More than 6,000 gamers logged on to play Eve Online Tuesday for a “million dollar battle” in which gamers risked real-world money for the chance to gain virtual mastery within the in-game universe.
The interstellar-fighting game, which pitted spaceships worth an estimated $1 million on each side of the two main alliances, ended in victory for the Moneybadger Coalition, who defended their Keepstar space station, defeating for the Imperium alliance, also known as the Clusterfuck Corporation.
As the previous sentence will make little sense to many, here’s some context.
Eve Online is not Mario Kart. It is not a game you can pick up and play for an hour or two. It requires a huge amount of time to master. Icelandic developer CCP Games has built a loyal subscriber base that not only spend hundreds of hours playing the game, but spend a lot of money building their fleets.
Players can convert real-world currency for ISK, the in-game currency used to upgrade ships and characters. According to one prominent player, Tuesday’s battle of 9-4R saw competing sides risk the destruction of ships costing an estimated $1 million to build.
One supporter of the Chinese player group Fraternity Coalition spent $70,000 in the last two months to build up the group’s fleet.
The game’s previous largest battle, known as the Bloodbath of B-R5RB, took place in 2014 and saw 2,000 players participate in a fight that destroyed ships worth around $300,000.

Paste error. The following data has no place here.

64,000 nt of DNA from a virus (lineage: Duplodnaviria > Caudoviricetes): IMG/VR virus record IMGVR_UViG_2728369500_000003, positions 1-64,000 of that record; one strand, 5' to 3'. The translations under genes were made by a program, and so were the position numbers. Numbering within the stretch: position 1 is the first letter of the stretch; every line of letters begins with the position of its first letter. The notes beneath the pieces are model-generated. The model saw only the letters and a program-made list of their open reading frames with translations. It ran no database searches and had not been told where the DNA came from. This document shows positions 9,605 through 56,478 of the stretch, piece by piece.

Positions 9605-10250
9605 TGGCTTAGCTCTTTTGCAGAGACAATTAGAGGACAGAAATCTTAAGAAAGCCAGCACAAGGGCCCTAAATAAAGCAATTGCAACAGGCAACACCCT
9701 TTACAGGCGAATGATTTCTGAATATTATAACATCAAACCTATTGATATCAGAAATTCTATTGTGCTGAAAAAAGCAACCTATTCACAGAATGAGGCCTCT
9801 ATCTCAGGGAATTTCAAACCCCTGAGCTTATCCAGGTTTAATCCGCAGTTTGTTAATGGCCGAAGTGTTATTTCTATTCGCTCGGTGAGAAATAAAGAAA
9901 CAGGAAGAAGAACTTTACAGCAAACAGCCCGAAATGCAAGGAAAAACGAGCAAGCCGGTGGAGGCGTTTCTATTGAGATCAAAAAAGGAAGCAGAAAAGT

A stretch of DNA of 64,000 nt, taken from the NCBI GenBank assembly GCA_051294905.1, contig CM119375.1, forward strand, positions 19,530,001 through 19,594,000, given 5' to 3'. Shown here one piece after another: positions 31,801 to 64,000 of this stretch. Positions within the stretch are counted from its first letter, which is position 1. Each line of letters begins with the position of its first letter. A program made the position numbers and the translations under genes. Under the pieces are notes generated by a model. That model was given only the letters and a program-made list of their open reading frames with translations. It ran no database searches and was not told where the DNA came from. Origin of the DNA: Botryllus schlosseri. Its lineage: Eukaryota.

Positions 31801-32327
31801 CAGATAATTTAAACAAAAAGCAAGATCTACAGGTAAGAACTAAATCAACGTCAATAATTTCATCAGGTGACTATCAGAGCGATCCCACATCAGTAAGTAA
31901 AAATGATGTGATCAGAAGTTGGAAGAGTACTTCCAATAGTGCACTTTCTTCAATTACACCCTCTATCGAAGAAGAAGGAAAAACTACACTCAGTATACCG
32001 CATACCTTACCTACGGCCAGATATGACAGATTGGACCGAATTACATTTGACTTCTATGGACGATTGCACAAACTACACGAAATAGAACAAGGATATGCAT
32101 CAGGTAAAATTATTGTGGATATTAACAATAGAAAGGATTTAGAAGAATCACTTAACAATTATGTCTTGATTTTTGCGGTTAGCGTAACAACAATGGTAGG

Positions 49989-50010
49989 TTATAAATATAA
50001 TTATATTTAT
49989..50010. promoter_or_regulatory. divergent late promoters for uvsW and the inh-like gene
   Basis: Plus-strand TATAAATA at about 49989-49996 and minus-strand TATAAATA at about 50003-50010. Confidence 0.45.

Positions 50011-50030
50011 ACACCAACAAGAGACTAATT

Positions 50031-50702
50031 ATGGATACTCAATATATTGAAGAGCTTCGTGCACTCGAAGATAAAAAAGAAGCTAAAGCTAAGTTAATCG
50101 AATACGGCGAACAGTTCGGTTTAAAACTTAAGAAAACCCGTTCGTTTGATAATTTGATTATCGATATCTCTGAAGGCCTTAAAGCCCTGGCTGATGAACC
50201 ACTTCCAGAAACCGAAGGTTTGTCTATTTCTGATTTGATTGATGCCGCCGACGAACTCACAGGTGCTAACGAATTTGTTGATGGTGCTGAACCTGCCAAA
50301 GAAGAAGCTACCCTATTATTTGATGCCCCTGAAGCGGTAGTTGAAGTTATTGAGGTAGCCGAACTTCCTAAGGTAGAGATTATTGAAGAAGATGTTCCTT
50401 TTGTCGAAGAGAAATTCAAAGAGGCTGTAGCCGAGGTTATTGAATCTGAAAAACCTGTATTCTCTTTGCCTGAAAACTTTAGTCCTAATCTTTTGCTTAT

Unlike other massively multiplayer online video games with multiple instances of the game universe, Eve Online players log on to a single server. While this creates a unique gameplay experience, it also causes problems at peak times and the server was unable to handle the huge influx of players during Tuesday’s showdown.
It meant that many gamers were unable to gain access to the New Eden universe.
Ultimately, 9-4R proved a damp squib, with neither side suffering major losses. One estimate suggested the damage caused was as little as $3,300.
One of the winning Moneybadger Coalition complained afterwards that the game’s mechanics make it almost impossible for an attacking side to win.
Yet the gamers will return, part of their fanatical devotion to Eve Online.
Every year in Reykjavik they gather for FanFest to celebrate everything that happens in New Eden. Players typically dress like characters from the game, sit for hours to have their fleet’s logo tattooed, watch the game’s developers fight a UFC champion or even get married.
Cover image: A visitor looks at a demonstration of the video game EVE Online during an exhibition preview featuring 14 video games acquired by The Museum of Modern Art in New York, March 1, 2013. (EMMANUEL DUNAND/AFP/Getty Images)
This article originally appeared on VICE News US.